The Great Pacific Garbage Patch between California and Hawaii might evoke images of a trash heap floating on the ocean, but it consists of particles too small to be seen by the naked eye. Those particles are plastic.
Fifty years ago, global annual plastic production was less than 50 million tons; in 2015, production was nearly 450 million tons. Every year, between 5 and 14 million tons of plastic reach the ocean, and that is just from coastal regions.
Plastic polymers are molecular chains that repeat the same simple links. Common examples include polyester clothing, nylon toothbrushes, polycarbonate DVDs, and polyethylene shopping bags. Besides everyday conveniences, plastics such as inflatable life vests and single-use medical devices save lives. Plastics are inexpensive, lightweight, and durable, but their durability poses a problem because they take several hundred years to decompose. Scientists now wonder about the effects of plastics on wildlife and human health.
In the ocean, wind, waves, temperature swings, and sunlight break plastics into microscopic bits. In 2004, marine ecologist Richard Thompson coined a term for these particles: microplastics. Anything smaller than five millimeters (about a fifth of an inch) is considered a microplastic, but microplastics can get much smaller—down to a fraction of the width of a human hair. Even biodegradable plastics leave microplastics behind, and microplastics reach locations as remote as the Arctic.
Small size, big trouble
Ilka Peeken is a senior scientist at the Alfred Wegener Institute (AWI) in Bremerhaven, Germany. She originally trained as a phytoplankton ecologist, but switched her focus to the Arctic and the threats posed to it by climate change. “A lot of people don’t know this, but sea ice has its own ecosystem. You have tiny algae, worms, and copepods that live in the sea ice and depend on that habitat for food. The organisms living in the sea ice are a big source of food for the higher levels in the polar food chain,” she said. Plastic has now been found in this habitat. “Plastic particles are very tiny, and the organisms can’t differentiate between plastic and food they should be eating.”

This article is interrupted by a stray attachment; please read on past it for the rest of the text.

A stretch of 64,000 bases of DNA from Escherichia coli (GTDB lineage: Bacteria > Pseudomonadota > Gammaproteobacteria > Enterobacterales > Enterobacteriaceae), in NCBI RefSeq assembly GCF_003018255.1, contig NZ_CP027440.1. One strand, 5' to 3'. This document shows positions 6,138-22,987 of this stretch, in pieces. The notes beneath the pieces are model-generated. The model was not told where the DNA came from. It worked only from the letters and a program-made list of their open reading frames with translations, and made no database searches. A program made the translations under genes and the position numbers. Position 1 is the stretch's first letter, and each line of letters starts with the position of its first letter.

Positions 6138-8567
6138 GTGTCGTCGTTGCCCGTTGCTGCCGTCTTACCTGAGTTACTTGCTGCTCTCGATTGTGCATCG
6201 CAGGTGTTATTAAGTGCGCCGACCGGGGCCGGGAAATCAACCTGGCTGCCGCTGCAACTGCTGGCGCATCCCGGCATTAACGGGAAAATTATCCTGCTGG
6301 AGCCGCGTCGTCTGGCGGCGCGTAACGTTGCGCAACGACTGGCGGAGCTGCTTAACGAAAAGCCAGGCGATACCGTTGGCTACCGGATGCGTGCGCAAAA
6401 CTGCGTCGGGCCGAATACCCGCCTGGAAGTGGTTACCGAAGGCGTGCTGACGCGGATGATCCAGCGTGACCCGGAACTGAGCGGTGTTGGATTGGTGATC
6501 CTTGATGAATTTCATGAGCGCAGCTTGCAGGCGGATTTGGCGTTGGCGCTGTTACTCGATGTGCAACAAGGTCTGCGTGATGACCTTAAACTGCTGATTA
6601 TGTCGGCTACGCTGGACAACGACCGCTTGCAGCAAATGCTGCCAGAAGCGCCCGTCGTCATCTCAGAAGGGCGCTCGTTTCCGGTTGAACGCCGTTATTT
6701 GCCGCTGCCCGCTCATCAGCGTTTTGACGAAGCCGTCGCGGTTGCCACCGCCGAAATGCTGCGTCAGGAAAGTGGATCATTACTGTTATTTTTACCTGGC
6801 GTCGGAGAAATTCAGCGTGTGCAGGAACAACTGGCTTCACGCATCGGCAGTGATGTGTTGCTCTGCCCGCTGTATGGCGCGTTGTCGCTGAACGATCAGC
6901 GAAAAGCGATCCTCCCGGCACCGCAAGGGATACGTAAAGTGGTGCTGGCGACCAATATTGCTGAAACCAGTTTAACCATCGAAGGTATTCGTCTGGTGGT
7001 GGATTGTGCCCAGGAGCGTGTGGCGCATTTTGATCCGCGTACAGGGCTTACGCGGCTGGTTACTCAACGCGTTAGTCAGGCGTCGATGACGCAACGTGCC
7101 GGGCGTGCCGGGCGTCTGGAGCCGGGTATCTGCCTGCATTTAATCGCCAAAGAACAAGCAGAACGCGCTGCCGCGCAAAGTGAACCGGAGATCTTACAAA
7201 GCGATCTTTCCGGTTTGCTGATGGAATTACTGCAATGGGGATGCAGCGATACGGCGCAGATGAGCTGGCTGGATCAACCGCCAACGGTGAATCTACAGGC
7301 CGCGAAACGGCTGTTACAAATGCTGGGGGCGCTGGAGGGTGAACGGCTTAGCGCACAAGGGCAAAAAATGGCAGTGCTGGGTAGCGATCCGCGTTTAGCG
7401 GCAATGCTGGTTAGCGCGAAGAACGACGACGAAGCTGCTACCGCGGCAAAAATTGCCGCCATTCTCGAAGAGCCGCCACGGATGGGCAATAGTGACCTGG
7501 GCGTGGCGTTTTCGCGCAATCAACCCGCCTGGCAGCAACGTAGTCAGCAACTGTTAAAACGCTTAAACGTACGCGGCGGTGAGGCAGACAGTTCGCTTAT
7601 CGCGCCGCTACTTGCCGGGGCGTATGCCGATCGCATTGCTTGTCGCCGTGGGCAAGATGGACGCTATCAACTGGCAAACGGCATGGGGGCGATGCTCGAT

Ingested microplastics may leave animals feeling full while offering no nutrition. The particles may obstruct diminutive digestive tracts. Particles inside smaller organisms can be ingested by larger organisms. Peeken said, “But it gets worse because the next step is nanoplastics.”
The smallest plastic particles are best measured in microns and nanometers. A millimeter is a thousandth of a meter, a micron is a thousandth of a millimeter, and a nanometer is a thousandth of a micron. For reference, a human hair is somewhere around 50 to 75 microns in diameter. What constitutes a nanoplastic is still debated, but is probably anything less than a micron across, and getting eaten and excreted by some animals can push plastics from one category into another. Passing through a small gut might break particles with a diameter of 31.5 microns down to a single micron across.
Peeken explained what is so scary about these tiniest plastics. “They’re able to penetrate cells,” she said.
Geir Wing Gabrielsen of the Norwegian Polar Institute echoed Peeken’s concerns, saying, “Nanoplastics embedded in phytoplankton get eaten by zooplankton and then by fish. Those particles are getting into the fish’s blood, passing through the blood-brain barrier, and affecting behavior.” Research has already shown nanoplastic-induced mortality in small crustaceans, and brain infiltration in fish. Other effects remain poorly understood. What is no longer mysterious is how widespread microplastics have become in global oceans.
Plastic is everywhere.
Cores of the problem